"What comes into our minds when we think about God is the most important thing about us."
-A.W. Tozer

Dancing's Difficulty

"The existence of other people is essentially awkward."
-Lionel Shriver
The other day I went to a swing dance. I'm not great at swing dance; I've been to far more english country dances than swing dances. But it's fun anyway, so I went- after all, how different could it really be? As I soon discovered, very different. I felt like I was back in dancing kindergarten (which, admittedly, was only a few years ago for me). I remembered how difficult it can be to ask a girl to dance, and also remembered how little people seem to understand about why that is. Some guys are naturally social, and have no difficulty asking a girl to dance. Many girls don't seem to understand why a guy would go to a dance and then not ask anyone to dance with him. (However, whether man or woman, people do often seem to think that they understand, and offer encouragement that doesn't actually apply at all.) So in today's post, I would like to explain what goes through my head when I'm trying to ask a girl to dance, as well as going over the "encouragement" that always seems to be offered. Of course, while my particular concerns my not apply to every guy out there, I still think that it's good to get a more general understanding of the topic.

One of the most common things that I've heard is, "you're not asking her to marry you." These events aren't designed for romantic dancing, and it won't be seen as weird if you ask somebody to dance. For guys who are new to such events, it may seem odd to ask a girl to dance. Will she assume that you're interested in her in some romantic way? While this advice was helpful when I was new to dancing, it no longer applies to myself, or to people who are familiar with dances like this. The next assumption seems to be that maybe the guy just doesn't know where a girl is. It's common for somebody (often a parent) to walk over and say something along the lines of, "there are a few girls right over there." Yes, I can see them, but that's actually part of the issue.

One of the problems that I've found, which actually applies to both english country dancing and swing dancing, is that girls tend to group together. Not that that's a problem in and of itself, but if I know all of them or don't know all of them (as is usually the case) then which one do I ask to dance? In asking one girl, "may I have this dance?" I am indirectly saying to any other girl in the group, "I am not asking you to dance at this time." (While this could technically be considered to be true of any girl in the room, it's a different situation, because you aren't right there next to them.) This is a bigger issue at swing dances, because in english country dancing, everybody finds a partner at about the same time, because the dancing starts all at once. But the problem is there for socially awkward guys no matter what the setting is.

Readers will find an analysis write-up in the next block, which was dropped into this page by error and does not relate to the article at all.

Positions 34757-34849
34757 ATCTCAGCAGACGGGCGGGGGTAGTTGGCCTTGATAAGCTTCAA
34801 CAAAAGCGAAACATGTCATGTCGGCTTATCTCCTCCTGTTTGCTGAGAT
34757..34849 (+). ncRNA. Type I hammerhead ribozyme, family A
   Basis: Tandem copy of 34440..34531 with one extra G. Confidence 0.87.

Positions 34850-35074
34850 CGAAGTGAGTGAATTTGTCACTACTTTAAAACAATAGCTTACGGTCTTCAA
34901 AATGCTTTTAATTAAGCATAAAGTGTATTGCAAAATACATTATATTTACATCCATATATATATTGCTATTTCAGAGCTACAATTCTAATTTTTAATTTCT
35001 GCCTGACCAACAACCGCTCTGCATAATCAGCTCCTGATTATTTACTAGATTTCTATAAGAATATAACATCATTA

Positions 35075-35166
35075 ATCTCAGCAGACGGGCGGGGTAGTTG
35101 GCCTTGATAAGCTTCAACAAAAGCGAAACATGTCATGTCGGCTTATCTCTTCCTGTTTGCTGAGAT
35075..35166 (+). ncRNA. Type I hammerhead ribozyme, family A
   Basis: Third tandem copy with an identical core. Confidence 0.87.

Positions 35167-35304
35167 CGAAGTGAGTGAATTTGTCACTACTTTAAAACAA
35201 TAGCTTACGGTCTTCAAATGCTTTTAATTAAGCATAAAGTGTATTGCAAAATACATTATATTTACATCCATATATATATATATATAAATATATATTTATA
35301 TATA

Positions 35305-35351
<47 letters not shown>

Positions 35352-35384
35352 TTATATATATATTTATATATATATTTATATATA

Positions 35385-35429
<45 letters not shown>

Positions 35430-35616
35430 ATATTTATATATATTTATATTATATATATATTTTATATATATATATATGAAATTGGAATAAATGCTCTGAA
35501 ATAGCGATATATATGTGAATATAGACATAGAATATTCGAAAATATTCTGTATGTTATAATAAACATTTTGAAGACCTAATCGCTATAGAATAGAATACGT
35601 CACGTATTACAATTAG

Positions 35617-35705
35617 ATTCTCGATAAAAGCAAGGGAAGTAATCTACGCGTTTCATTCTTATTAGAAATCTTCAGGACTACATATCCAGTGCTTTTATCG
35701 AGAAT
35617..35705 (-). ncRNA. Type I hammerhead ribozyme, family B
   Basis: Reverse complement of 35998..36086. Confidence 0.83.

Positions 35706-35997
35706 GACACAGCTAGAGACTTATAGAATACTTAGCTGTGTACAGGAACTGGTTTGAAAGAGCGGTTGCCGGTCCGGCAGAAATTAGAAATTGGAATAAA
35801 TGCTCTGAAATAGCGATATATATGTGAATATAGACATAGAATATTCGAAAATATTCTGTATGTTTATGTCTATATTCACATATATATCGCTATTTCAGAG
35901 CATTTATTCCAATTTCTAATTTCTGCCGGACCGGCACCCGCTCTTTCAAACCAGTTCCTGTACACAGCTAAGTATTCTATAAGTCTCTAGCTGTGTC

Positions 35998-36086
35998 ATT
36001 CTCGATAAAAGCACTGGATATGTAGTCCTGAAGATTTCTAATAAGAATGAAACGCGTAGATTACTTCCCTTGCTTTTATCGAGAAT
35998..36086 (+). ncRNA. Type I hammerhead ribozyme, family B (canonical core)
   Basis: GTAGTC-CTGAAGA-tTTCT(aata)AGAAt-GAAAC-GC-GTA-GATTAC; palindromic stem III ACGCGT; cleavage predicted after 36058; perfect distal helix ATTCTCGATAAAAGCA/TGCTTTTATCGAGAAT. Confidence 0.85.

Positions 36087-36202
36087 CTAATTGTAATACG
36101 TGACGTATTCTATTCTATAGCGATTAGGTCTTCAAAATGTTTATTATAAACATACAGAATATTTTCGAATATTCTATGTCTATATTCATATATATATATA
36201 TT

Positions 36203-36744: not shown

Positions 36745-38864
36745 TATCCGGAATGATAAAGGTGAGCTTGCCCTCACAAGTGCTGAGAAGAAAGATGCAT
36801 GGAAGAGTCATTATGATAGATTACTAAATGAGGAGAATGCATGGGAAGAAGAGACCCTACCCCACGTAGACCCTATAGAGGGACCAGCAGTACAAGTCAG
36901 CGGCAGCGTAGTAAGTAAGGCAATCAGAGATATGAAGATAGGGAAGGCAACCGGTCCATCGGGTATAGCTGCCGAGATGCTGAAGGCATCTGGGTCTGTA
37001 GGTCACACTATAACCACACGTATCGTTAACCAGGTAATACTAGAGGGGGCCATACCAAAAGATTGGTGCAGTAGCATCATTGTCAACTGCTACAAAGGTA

An issue that I've found in asking a stranger to dance is one of conversation. I'm bad at conversation, especially in dance, and it's easier to ask somebody that I know. In english country dancing, I've mostly gotten over this, but in swing dancing and waltzes it still applies with full force. On its own, conversation is a minor factor, but it's aggravated by dances that don't have a set end. English country dances have a specific set of moves that everybody performs at the same time, and the caller decides when the dance will begin or end. A swing dance doesn't have a set time to start or end it. How do you decide if it's been too long or too short? If a conversation gets awkward, I wait until they're not looking at me and sneak away. I can't do that in a dance.

Skill level is also something that I have to take into account. This doesn't apply as much at english country dances, partly because I'm generally good at those, and partly because everyone is doing the same thing. But in swing dance, I'm a mediocre dancer. I'm good enough that I could confuse somebody by trying the pretzel, but bad enough that I could easily bore a girl with my very limited moveset. If it's somebody that I know, I have a rough estimate of how much they match my abilities, but it's not perfect. With a stranger, I have no clue whatsoever.

To sum up the basics, if I don't ask a girl to dance, it isn't because I don't like dancing or want to avoid it, or because of any fault by the girls at the dance. It's because, as a highly awkward person, I don't want to cause offense, boredom, awkwardness, etc., which I as a person am very good at bringing about. Of course, I did dance at the dance that I went to. I didn't just stand in a corner feeling awkward. But it did take me a bit of time to figure it out. The reason I've chosen this topic is because, while encouragement is good, it doesn't make a difference if the encourager doesn't understand why there's an issue in the first place.
"I am an inexhaustible source of awkwardness."
-Milena Veen